A Little App Called ‘FlyLab’ Running on My NeXTstation

Last week was Back To School Week at r/Retrobattlestations. The challenge was to photograph your vintage computer running an educational program of some sort. For this one, a rather obscure little app that I ran across when first loading up the NeXTstation that I acquired in 2000 came to mind. FlyLab by Robert Desharnais of California State University, Los Angeles. It is a genetics application that visually conveys inheritance through mating pairs of flies with configurable traits, sort of a fly construction set. The app really stood out for me because it is an ideal demonstration of what NEXTSTEP could bring to education, and its interface a model of the strengths of the NeXT Interface Builder development tool.


Desharnais and Melvin Limpson of the American Physiological Society developed a variety of NEXTSTEP applications as part of CSU’s Virtual Courseware Project, funded by CSU as well as major grants from the National Science Foundation (NSF).

In response to an email I sent at the time of my Back To School Week submission, Desharnais shared a bit of history surrounding FlyLab. A portion of his email follows.

FlyLab on NeXTSTEP was my first major app written for that platform. I did create a few more NeXTSTEP educational apps before NeXT went under. I love your NeXTstation! Brings back fond memories.

FYI, FlyLab begat a number of progeny. It’s son, Virtual FlyLab was a web-based server-script that went online in July 1995 and was very popular. In 2001 Virtual FlyLab begat a Java version called FlyLab that was part of a commercial product (Biology Labs OnLine) marketed by Pearson Ed, but is now available on our servers for free. Then came the great-grandchild called Drosophila, also free, which was developed using Flash and has lots more bells and whistles. Drosophila is currently being used in lots of colleges and high schools. The app bred like, well, fruit files.

It’s nice to hear the backstory of this little app that stood out to me way back when. I have searched online and cannot find an FTP archive hosting FlyLab, but will dig through my NeXTstation’s filesystem and try to find the original archive I downloaded (sixteen years ago…) to post shortly. It does little to bolster my personal illusion of youth to realize that my early retrocomputing endeavors are, themselves, becoming retro.

UPDATE (8/28/2016): I have tarballed FlyLab.app (v1.0.1) on my NeXTstation and placed it online for anyone interested in playing around with it on their NeXT workstation or perhaps under Previous, the NeXT emulator. (I do not believe it is a Multi-Architecture Binary able to run under NEXTSTEP for PA-RISC, SPARC, or x86.)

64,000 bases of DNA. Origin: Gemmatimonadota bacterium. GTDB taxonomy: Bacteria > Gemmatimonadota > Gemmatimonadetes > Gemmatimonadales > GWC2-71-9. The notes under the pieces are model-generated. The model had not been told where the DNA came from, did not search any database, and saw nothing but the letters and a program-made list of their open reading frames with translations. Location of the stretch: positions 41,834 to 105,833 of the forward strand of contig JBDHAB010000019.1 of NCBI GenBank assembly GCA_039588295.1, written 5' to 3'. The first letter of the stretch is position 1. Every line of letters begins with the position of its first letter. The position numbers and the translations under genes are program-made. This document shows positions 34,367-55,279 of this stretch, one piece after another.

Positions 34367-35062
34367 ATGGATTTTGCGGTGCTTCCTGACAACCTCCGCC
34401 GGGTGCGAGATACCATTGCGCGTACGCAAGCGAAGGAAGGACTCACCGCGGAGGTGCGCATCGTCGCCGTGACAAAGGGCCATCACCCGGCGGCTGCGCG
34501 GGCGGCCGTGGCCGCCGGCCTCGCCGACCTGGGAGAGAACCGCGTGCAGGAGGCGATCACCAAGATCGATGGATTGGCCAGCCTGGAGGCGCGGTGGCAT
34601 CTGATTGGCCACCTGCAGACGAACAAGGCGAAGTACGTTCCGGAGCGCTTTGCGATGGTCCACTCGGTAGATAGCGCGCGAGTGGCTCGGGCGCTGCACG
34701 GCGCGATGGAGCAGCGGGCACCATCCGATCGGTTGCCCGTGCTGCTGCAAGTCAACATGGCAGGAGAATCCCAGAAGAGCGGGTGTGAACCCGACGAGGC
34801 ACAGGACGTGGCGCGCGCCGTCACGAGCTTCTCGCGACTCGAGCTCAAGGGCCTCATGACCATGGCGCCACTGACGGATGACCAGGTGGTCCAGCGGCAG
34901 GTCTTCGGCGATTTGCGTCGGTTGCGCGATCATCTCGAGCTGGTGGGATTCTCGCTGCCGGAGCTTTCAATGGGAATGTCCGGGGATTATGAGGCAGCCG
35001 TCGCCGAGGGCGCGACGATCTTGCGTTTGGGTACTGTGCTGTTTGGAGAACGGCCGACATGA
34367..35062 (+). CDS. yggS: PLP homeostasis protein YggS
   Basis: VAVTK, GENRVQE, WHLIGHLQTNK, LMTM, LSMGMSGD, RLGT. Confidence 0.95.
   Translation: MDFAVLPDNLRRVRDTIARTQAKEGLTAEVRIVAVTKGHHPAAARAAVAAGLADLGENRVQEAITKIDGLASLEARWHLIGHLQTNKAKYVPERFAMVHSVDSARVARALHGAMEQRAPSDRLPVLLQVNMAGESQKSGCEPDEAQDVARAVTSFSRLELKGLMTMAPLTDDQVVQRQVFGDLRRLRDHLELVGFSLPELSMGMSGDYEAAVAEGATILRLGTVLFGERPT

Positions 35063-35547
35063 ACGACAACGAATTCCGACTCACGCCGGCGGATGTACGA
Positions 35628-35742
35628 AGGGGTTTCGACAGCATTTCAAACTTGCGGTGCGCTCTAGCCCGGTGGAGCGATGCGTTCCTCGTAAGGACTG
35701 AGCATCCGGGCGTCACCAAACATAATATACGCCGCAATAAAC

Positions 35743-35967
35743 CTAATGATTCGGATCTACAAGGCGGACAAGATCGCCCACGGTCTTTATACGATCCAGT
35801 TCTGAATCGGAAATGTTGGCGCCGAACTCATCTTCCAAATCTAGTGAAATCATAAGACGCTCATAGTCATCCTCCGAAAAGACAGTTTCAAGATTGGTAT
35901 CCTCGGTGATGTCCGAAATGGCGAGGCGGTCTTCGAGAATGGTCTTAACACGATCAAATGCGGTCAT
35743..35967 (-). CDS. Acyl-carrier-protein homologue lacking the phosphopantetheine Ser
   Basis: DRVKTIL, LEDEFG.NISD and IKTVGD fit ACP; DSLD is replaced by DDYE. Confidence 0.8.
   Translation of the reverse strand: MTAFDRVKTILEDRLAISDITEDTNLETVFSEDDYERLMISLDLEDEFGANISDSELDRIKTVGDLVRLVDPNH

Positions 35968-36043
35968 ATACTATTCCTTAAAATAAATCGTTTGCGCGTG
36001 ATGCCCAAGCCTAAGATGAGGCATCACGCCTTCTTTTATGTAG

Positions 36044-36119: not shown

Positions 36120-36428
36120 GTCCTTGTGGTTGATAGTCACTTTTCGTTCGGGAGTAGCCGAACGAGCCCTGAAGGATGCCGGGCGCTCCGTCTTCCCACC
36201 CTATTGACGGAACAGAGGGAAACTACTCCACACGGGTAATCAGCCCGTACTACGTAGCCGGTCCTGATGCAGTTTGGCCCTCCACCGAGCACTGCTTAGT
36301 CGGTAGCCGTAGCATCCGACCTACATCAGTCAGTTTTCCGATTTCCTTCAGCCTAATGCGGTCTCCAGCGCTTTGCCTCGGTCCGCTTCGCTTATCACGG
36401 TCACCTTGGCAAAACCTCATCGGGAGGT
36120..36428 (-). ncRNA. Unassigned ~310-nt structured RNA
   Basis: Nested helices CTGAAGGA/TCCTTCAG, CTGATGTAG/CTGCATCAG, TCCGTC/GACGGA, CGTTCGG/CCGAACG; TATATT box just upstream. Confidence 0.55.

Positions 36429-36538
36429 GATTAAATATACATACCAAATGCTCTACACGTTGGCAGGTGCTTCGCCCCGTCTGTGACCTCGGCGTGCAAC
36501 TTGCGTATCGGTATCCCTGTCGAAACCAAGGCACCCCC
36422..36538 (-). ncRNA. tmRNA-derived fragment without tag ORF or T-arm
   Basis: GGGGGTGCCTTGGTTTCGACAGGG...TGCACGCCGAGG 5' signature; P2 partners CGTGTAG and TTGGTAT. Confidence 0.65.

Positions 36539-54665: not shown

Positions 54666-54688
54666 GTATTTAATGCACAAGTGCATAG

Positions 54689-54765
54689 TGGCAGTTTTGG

Visit a gallery of all my r/Retrobattlestations entry photos. A complete list, with links, of the fun I've had with challenges in that subreddit over the years can be seen below. Good times!

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2 Responses to A Little App Called ‘FlyLab’ Running on My NeXTstation

  1. Carlos Bragatto says:

    Hey Blake, I was just browsing an old Byte mag online yesterday, trying to find for how much the Commodore64 was being sold for in December 1983, down from his release prize the previous Xmas (from US$ 595 to $230, the highest price I found, and $165 when bought in a package with a 1541 drive and printer/monitor), and I was amazed at how many, and how diverse, application software was available for the Apple II and especially the IBM PC. And I thought how many of all those apps are already lost.

    You see, some people are actively buying and asking for donations of old VHS and Beta tapes recorded at home, in the UK, to be able to extract Teletext/Ceefax information that was encoded alongside the audio and video signals, thus being recorded on the tapes… So I think that when we buy an old computer, we should try to rescue the software inside them, try to check if it’s already preserved, before formatting the drives and disks.

    See you


  2. Rey Arqueza says:

    Very cool app.

    I’d like to try it.

    Interface Builder is so awesome. I used it at State University in the 90s. I have the same NeXT pizza box you have, but no monitor.

    Is that monitor a 1990SX?

    Can the monitor scale the desktop to fit edge to edge?

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